Tag Archives: AA

How many drinks can I get away with?

beer-250289_960_720Have you ever asked yourself this question? I certainly did, during those dark years when I crawled inside a wine bottle and couldn’t get out. Today, years later, I realize that is the wrong question to ask. 

This article lists twelve questions to ask yourself if you ever have a sneaking hunch you might be drinking too much…or if friends and family claim that you are…or your drinking is interfering with your job, relationships, or family life.

http://www.msn.com/en-us/health/wellness/how-many-drinks-a-week-makes-me-an-alcoholic/ar-BBwQ40F?li=BBnbfcL&ocid=iehp#image=AAgNH3Q|1

Thirty years ago, if I’d been honest, I would have answered the same questions as follows:

  1. Do you often feel guilty about your drinking?  Yes

  2. Do you feel the need to lie to others about your drinking? Yes…I wouldn’t tell my husband I’d gone to the store at midnight to get more beer

  3. Have one or more of your loved ones expressed concern about your drinking habits? No, because I didn’t drink around anyone who didn’t also drink.

  4. Do you frequently drink more than you plan on drinking? Almost every time

  5. Do you black out when drinking? Occasionally. 

  6. Do you feel that you need to drink to relax or feel better? Almost every time

  7. Do you find that you wake up from a night of drinking with severe anxiety, shaking or sweating that only a drink or medication can fix? Yes, those hangovers were a little taste of hell on earth. My coping mechanism was to pretend I wasn’t miserable.

  8. Do you feel uncomfortable in environments where alcohol is unavailable? Sometimes, if I was craving a drink

  9. Have you ever tried to control your drinking? I sure did…tried AA off and on, but it didn’t work.

  10. Have you had problems at home, school or work as a result of drinking? Yes, I’d call in sick when I had hangovers.

  11. Have you ever thought that your life would be better if you didn’t drink? No, I thought life would be better if I could drink socially and not get drunk.

  12. Do you ever find yourself jealous of people who can drink without consequences? Yes, I didn’t understand how they could nurse one or two drinks all night.

 

 

My Next 30 Years

People hugger

In honor of my upcoming birthday, this song says it.

The Accidental Poet

As many of you know, I spent 37 years drinking and getting high. (See my About page.) My addiction cost me a great number of things. When I first got sober, I heard a fantastic song on a country music station that I quickly made my “anthem.” It’s by Tim McGraw. I changed a few lines to fit the song into my recovery (which I show in italics), but for the most part it is right on the money. If you are struggling with addiction, consider getting help. Contact your local AA, NA or CA hot line and ask where you can attend a meeting. You too can end an era, turn a page, and start your life anew.

I think I’ll take a moment, celebrate my age
The ending of an era and the turning of a page
Now it’s time to focus in on where I go from…

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Addiction Cartoon

A lot of myths about addiction are believed by a lot of people. This video shows how addiction is no respecter of persons, & strikes almost at random.

The Alcoholics Guide to Alcoholism

One of the simplest, best explained animations/cartoons I have seen on the subject of addiction and recovery. Recommended.

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Sobriety and Salvation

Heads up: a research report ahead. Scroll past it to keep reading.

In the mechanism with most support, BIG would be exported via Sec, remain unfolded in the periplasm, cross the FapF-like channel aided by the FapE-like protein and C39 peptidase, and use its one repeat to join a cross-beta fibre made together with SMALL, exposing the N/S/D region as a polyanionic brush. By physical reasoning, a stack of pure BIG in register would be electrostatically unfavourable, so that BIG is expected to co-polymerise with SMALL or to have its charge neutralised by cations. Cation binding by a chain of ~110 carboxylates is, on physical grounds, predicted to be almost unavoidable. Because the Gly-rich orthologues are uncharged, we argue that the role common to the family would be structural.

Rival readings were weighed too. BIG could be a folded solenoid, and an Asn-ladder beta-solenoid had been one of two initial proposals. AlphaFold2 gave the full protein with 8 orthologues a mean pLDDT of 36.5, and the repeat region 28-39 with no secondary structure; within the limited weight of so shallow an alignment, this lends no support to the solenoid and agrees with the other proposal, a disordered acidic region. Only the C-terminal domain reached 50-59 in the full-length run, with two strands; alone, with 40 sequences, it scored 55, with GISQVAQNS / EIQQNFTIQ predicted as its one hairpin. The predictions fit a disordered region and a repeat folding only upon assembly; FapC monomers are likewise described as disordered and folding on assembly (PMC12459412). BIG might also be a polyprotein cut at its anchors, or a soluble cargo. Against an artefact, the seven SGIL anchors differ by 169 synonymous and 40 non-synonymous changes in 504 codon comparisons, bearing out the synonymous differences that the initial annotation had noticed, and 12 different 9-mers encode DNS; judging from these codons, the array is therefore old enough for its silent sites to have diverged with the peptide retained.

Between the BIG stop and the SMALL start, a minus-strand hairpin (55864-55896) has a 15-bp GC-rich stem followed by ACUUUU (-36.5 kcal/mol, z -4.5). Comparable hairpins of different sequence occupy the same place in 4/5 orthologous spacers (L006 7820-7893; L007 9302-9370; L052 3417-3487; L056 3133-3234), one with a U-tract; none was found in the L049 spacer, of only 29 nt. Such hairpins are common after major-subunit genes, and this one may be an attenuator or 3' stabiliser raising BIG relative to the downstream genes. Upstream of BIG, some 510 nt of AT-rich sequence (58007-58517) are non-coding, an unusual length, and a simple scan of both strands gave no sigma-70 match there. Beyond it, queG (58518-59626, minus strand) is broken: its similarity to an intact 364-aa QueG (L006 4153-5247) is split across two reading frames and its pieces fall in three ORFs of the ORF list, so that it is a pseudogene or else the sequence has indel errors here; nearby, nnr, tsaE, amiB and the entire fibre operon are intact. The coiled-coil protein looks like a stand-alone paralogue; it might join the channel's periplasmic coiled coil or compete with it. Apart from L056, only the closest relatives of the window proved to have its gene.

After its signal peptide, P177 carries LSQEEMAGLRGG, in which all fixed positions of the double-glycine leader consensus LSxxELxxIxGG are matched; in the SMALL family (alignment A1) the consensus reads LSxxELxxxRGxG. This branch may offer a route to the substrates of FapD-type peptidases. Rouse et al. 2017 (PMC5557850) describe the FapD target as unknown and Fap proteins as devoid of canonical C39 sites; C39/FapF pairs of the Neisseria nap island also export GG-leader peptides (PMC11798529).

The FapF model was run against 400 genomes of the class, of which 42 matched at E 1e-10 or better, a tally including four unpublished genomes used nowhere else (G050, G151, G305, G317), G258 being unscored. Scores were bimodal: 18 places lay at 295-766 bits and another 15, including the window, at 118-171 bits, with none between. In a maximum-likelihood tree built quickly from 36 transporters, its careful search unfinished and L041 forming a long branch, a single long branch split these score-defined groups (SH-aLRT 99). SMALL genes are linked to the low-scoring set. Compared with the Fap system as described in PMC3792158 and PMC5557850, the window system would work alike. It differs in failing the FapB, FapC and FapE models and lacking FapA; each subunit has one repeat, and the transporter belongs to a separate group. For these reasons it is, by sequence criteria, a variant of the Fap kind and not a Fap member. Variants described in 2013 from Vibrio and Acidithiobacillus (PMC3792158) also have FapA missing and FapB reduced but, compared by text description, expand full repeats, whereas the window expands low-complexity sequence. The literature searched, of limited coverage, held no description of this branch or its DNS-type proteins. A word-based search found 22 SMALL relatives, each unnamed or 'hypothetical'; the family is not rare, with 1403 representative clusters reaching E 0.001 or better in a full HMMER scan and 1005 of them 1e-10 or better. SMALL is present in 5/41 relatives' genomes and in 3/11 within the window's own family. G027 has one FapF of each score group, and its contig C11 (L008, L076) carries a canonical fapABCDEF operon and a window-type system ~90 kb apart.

wineSOBRIETY

When I was a practicing alcoholic, I couldn’t bring myself to admit it. I knew I had a problem, but I didn’t want to stop drinking. I would tell people that I was “on the road” to alcoholism. I figured I’d become one if I didn’t stop drinking. Finally, the day came when I saw myself for what I was: an early middle-stage alcohol addict who wouldn’t live much past age 42 if I didn’t stop drinking. (I’m now well past that mark.)

While I was drinking, I often went to AA meetings. Once there, my craving for alcohol only increased because THAT WAS ALL THEY TALKED ABOUT. Imagine a food addict being surrounded by conversations about food. So, on the way home from meetings, I’d stop by the store and pick up a bottle of wine, finishing it off before bed.

In twelve-step programs, the first step to sobriety is to admit you are powerless against your addiction. Once I did so, I finally got sober, and life changed dramatically. I went from gloom to color. Beauty burst around me. The sky gleamed clear blue. I actually cried when an arsonist set a local school on fire. Life was now so vivid, the craving for alcohol diminished and gradually died.

bible

SALVATION

When I was a practicing sinner, I couldn’t bring myself to admit it. I knew I had a problem, but I didn’t want to stop doing my own thing. Finally, the day came when I saw myself for what I was: a rebel against God who wouldn’t make it to heaven if I didn’t repent of my sins.

Prior to this, I often went to church. Since I was raised in church, I had no objections to it. What I objected to was fanaticism. I didn’t want to be like those churchy people. Yet they said things that baffled me. They seemed to care what God thought of them. They talked about their love for God and His for them. But I just didn’t get it. I’d never experienced that for myself, yet I’d been told all my life that I was a Christian because I’d prayed the “right” prayer as a child. And I certainly didn’t disbelieve the message. I simply didn’t care that much.

But once I admitted I was a sinner separated from God, and repented of my rebellion against him, life changed dramatically. I went from darkness to light, death to life. A new warmth filled my heart. God’s presence was all around me. I now cared what God thought of me.

Thus, in both sobriety and salvation, I found out the hard way that going through the motions doesn’t count.